Thoracic ultrasound: How do we use it?

By Dr. Dave Renaud, ACER Consulting Ltd.

Ultrasound has long been an imaging technique used on dairy farms by veterinarians to determine the pregnancy status of an animal. However, this technology is now emerging as a diagnostic and monitoring tool used to help to detect respiratory disease in dairy calves. 

Why use thoracic ultrasound?

Thoracic ultrasound is the most accurate tool available to diagnose respiratory disease in calves. It involves taking an ultrasound probe and running it between the ribs of an animal to identify areas of consolidation in the lung, which are areas where air is not readily passing through.

Lung consolidation occurs when there is an infection in the lung that causes white blood cells, dead cells, and debris to fill the small airways in the lung, preventing air from passing through. Lung consolidation is one of the first changes to the lungs when disease is present and often calves with lung consolidation do not show any clinical signs of disease. Thoracic ultrasound is a tool that helps indicate where disease is occurring and provides an idea of when producers can intervene.

How often is lung consolidation found and what are the consequences?

Several recent studies have shown just how common lung consolidation really is. A study in Ontario that assessed calves weekly with ultrasound in the preweaning period found that 57 per cent of calves had an area of lung consolidation. Comparatively, in Ohio, 73 per cent of calves had lung consolidation when assessed on a weekly basis in the preweaning period.

These studies also identified several consequences of having lung consolidation. Specifically, calves with lung consolidation had a 120 g/d reduction in growth, an increased risk of being removed from the herd prior to first calving, a lower conception rate at first insemination as a heifer, a reduced chance of becoming pregnant, and have a 525 kg reduction in first lactation milk production. Cumulatively, it is estimated to cost approximately $400 per calf with lung consolidation.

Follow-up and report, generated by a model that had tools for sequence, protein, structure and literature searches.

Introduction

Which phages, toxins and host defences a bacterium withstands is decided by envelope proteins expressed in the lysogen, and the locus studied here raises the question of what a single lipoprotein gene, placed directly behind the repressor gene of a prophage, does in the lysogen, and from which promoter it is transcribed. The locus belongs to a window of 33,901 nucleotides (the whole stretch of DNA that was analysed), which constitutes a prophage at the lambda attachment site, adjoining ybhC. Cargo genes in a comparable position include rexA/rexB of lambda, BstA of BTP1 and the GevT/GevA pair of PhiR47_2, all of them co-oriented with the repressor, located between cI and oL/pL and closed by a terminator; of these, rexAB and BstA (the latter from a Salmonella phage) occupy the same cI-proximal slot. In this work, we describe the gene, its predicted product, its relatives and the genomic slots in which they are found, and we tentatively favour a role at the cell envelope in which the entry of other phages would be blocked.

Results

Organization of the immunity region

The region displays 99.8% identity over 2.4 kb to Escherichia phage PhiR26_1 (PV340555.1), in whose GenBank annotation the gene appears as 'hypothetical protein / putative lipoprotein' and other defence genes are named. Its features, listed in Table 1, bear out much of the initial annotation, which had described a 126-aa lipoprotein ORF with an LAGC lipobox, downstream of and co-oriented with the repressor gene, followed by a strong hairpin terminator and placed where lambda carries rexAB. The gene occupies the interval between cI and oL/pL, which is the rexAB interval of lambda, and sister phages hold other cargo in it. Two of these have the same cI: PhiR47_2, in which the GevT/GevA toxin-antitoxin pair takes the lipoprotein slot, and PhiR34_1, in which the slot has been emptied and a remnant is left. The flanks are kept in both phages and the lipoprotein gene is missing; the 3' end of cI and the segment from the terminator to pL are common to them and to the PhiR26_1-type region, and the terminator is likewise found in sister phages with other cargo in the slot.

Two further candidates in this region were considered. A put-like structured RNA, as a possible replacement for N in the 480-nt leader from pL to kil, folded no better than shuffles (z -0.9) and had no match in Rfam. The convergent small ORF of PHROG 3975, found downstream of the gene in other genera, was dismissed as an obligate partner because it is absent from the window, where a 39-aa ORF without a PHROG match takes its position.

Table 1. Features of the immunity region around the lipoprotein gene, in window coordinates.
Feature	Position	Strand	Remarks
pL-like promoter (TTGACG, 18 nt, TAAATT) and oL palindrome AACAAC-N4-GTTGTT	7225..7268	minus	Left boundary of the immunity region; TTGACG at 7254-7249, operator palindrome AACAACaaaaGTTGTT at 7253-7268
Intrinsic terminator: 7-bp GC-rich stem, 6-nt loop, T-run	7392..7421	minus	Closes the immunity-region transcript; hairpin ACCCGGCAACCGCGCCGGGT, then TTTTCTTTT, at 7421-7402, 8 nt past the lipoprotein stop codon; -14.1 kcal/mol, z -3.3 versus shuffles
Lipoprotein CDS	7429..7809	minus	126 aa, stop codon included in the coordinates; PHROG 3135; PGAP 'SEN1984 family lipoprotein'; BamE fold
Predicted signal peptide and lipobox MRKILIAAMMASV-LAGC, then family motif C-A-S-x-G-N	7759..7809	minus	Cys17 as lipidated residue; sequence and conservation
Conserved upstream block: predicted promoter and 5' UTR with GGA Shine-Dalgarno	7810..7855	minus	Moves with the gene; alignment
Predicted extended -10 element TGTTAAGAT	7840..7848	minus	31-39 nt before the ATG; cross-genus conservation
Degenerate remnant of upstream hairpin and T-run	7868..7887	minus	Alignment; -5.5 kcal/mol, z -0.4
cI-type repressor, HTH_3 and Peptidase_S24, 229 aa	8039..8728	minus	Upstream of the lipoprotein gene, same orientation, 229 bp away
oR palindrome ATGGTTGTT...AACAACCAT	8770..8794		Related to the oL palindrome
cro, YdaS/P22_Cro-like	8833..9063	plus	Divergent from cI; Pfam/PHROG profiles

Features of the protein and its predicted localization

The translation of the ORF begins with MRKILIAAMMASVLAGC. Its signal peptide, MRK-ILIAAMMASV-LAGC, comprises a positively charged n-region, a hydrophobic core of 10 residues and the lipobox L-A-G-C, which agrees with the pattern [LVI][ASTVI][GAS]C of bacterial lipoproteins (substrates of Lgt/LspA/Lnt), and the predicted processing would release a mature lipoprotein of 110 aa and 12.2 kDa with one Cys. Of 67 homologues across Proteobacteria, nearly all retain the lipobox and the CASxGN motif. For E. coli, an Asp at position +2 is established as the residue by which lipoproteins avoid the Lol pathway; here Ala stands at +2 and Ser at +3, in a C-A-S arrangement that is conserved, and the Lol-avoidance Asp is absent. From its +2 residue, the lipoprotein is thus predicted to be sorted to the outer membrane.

Clearly, combining the high rate of lung consolidation with the significant consequences and long-term economic impact means preventing respiratory disease in calves should be high priority for producers.

When and how should thoracic ultrasound be used?

In a research setting, lung ultrasound can be used on a weekly basis, however, on-farm use needs to be a bit more pragmatic. By using ultrasound strategically with the herd veterinary team, producers can better understand how the calves and the individual producer’s management works to prevent respiratory disease.

Ultrasound can help determine how effectively producers and their calf management team are identifying respiratory disease based on clinical symptoms, such as coughing, where calves are evaluated at the start of treatment to determine the severity of lung consolidation. It could also be used to determine the impact of treatments provided for respiratory disease, where calves are evaluated for lung consolidation seven days after treatment to ensure resolution. Finally, it can be used to evaluate calf barn performance and the farm’s prevention program for respiratory disease, where calves are assessed at set times, like weaning, to evaluate trends over time.

How can lung consolidation be prevented?

There are four critical areas to consider when aiming to prevent respiratory disease:

  1. Colostrum management: calves with failed transfer of passive immunity are 1.75 times more likely to have respiratory disease.
  2. Milk nutrition: feeding at least eight litres of milk or milk replacer each day in the preweaning period has been shown to reduce respiratory disease.
  3. Housing: one of the most critical areas is ensuring that calves are housed in a well-ventilated area where air is being delivered without a draft. In addition, providing enough bedding for calves to nest in can help prevent respiratory disease in the winter.
  4. Vaccination: the use of intranasal vaccines in the preweaning period has been found to reduce lung consolidation.

Take home messages

Thoracic lung ultrasound is a validated method to detect respiratory disease early after its onset. Veterinarians can use lung ultrasound practically on the farm to better understand how effectively the calf management team is treating, diagnosing, and preventing respiratory disease.

Finally, lung consolidation can be prevented through excellent colostrum management, feeding a high plane of nutrition, ensuring the calf barn is well-ventilated, and strategically using intranasal vaccines. Producers should work with their veterinarian to determine how lung ultrasound could work on their farm.

This project was funded by the Canadian Agriculture Partnership, a five-year federal-provincial-territorial initiative.